Friday, February 23, 2007

THE CITY DESK - Rory Riddler, Councilman Ward 1

Mardi Gras Parade Was One
Cold Day In You Know Where

There are few times I am happy to say, that I’ve felt my life was in mortal danger. One of those came last Saturday when my wife and I joined a hardy Krewe for the annual Mardi Gras Parade in Soulard. Mardi Gras is how St. Louis celebrates its French heritage. In this case that would be the heritage of Napoleon's retreat from Moscow.

It wasn’t that we didn’t know it would be cold. We had more layers than the paint on my house. My wife even tested her costume the day before by standing outside…in the shade. A lot of time and effort went into perfecting the perfect pirate costumes. I just think people weren’t use to seeing pirate Eskimos.

Hundreds of man hours had gone into the construction of the pirate ship that served as our float. It was a three masted affair, complete with sails and menacing cannon bristling from gunports. There was even a crows nest on a third level where fair damsels could take refuge and a skeleton lashed to the ship’s wheel. It was a beautiful float, built by the Bone Daddy & The Blues Shaker’s Krewe. Had the cannons been loaded and our swords cold steel instead of plastic, we might have even persuaded the judges to give us the first place trophy.

Instead the top honors for best float and best costumes went to our now sworn enemies the Mystic Knights of the Purple Haze. I thought on their name alone the police should have pulled their float over and done a random drug search. The theme of the parade this year was “novels” and our Piratical entry was for Captain Blood. The Mystic Knights of the Purple Haze (sorry, I can’t stop laughing when I have to write that) chose George Orwell’s 1984.

I didn’t see the latest remake of 1984 packing them in like Pirate’s of the Caribbean. We were the crowd favorite, not a bunch of guards trying to look menacing in jump suits and yellow hardhats telling people war is peace. We all know that if peace broke out in the world we wouldn’t know what to call it. Aaargh! Just wait till next year Mystic Knights!

Now the Mardi Gras Parade in Soulard has a reputation for going on rain or shine. But with the early date for the start of Lent this year, they can now add “blizzards” to the list of meteorological disasters that don’t stop the parade. We arrived at the staging area at 8:30 in the morning to wind gusts of 30 miles per hour, driving snow and a wind chill factor so low they use it to describe temperatures on Pluto.

When you are twenty years old, you don’t feel the cold. When you are thirty years old, you walk it off. When forty, you open another beer. But when you’re fifty years old, you huddle in front of the truck as a wind break and try to gather as much warmth from the engine as you can. I now know why the show Survivor only films in tropical locations. You can’t survive in temperatures this cold without killing your own tantaun and climbing inside like Han Solo.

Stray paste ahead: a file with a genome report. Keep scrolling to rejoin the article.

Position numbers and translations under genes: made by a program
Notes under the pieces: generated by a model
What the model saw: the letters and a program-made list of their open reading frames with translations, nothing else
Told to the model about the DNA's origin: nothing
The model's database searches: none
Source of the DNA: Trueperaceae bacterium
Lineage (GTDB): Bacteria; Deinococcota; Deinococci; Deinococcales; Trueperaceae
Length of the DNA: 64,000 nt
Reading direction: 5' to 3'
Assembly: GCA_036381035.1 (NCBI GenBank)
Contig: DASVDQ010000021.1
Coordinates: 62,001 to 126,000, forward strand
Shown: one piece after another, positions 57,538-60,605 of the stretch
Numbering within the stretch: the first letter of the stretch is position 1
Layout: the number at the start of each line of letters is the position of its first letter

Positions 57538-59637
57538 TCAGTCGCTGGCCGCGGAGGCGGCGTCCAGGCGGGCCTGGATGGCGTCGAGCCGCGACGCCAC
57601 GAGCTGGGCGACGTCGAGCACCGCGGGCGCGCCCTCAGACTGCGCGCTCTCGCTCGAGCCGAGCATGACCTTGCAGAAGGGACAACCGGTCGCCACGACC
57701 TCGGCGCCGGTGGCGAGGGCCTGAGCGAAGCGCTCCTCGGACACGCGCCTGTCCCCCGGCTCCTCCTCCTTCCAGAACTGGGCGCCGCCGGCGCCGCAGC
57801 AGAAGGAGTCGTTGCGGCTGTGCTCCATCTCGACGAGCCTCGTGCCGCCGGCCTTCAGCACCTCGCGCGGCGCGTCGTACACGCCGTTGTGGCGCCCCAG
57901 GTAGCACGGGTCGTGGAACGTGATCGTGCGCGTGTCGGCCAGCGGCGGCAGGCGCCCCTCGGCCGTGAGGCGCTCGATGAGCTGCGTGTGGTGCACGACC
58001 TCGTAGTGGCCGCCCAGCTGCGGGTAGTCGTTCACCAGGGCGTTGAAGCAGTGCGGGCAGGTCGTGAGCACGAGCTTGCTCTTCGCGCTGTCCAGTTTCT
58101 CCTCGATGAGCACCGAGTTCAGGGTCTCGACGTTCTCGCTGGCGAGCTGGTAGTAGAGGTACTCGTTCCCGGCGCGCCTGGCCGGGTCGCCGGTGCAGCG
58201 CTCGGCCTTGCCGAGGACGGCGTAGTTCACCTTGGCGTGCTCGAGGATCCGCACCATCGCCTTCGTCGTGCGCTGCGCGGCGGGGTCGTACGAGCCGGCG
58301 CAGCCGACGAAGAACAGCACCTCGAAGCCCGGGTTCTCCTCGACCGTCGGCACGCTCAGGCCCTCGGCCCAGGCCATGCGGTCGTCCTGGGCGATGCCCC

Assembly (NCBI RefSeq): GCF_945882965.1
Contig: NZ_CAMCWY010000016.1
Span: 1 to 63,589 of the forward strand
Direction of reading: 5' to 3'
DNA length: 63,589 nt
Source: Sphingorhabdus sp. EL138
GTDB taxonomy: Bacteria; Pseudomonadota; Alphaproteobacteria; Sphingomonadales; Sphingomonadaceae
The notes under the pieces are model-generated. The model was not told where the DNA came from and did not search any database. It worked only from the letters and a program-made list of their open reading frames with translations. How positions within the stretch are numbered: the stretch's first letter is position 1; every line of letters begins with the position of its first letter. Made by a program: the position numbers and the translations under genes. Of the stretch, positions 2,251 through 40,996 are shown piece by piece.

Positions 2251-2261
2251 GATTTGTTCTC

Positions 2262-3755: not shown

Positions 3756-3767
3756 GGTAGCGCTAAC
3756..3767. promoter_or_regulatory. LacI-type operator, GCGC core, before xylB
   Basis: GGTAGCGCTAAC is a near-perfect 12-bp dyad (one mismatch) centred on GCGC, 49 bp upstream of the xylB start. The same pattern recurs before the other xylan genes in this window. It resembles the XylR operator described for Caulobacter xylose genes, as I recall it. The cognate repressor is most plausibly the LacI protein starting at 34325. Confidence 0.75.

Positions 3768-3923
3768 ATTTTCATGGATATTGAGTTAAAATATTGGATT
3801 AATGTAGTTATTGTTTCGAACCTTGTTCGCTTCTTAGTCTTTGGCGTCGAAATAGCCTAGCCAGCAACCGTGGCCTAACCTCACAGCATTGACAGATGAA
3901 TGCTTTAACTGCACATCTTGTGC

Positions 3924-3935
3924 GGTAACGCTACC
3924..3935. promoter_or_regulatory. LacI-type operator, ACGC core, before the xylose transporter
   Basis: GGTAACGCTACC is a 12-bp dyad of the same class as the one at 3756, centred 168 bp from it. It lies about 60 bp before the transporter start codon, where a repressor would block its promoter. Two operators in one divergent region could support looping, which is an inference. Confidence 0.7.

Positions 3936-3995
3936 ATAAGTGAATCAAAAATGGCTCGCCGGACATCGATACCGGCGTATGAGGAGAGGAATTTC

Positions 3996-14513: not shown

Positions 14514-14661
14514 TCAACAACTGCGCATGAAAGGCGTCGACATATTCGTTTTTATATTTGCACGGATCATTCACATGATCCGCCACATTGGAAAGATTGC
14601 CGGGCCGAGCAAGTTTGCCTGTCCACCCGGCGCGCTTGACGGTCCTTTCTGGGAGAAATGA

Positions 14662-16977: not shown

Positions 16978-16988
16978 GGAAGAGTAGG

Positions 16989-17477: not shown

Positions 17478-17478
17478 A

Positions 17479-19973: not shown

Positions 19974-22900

You have three hours to kill or be killed waiting for our section of the parade to pull out. At one point Sue and I found ourselves huddled on the deck, our backs to boxes of beads. Looking up at the pirate flag flapping in the wind, the shouts of the crewmembers lashing down the sails and the costumed characters scurrying about the decks, I began to think what a great novel I could write about some crazed pirate captain forcing his desperate crew ever northward to bury his treasure in the snows of Greenland.

Then I looked out at the float across from us. Through the blinding snow I could just make out the Hooter’s bikini swimsuit issue float. Unfortunately the Hooter’s “models” standing around the float looked more like MoDOT workers in their insulated orange jumpsuits. My day was starting to turn into a Russian novel.

Once the parade started, throwing five gross of beads helped warm me up a bit. Crowds were down from the cold, but there were still seas people around the heart of Soulard. Surprisingly, given the cold, there seemed to be just as many “costume failures” among those in the crowd as last year, though most looked like they had a little natural insulation to spare.

It seems to be the goal of parade organizers to keep the crowd as far away from the floats as possible with the way they set up the barricades. This made it nearly impossible for those throwing beads from the windward side of the ship to reach the crowd. It took my best angled Frisbee style pitch to reach the front rows. Many beads thrown by others simply blew back onto the boat or fell tantalizing close, but out of reach, of those stuck behind the barricades.

It would seem that in an event, where the primary purpose seems to be to put beads and people together, that Soulard Mardi Gras organizers would figure this out. The situation did help one of the more hardy walkers with our Krewe to become an instant celebrity. Dressed in a billowing red silk pirate shirt, he used his plastic sword to deftly flick the fallen booty to the screaming throngs.

My near freezing to death experience gave me renewed respect for all of those professions that work outside. As we hung on to rails for the chilly ride back to the hotel, one person quipped, “Well, at least it can’t be any worse next year.” We all rolled our eyes to the clouded skies. Lent, and therefore the Soulard Parade, is a week earlier next year! Pass the word to the crows nest to keep a sharp eye out for icebergs! Aaargh!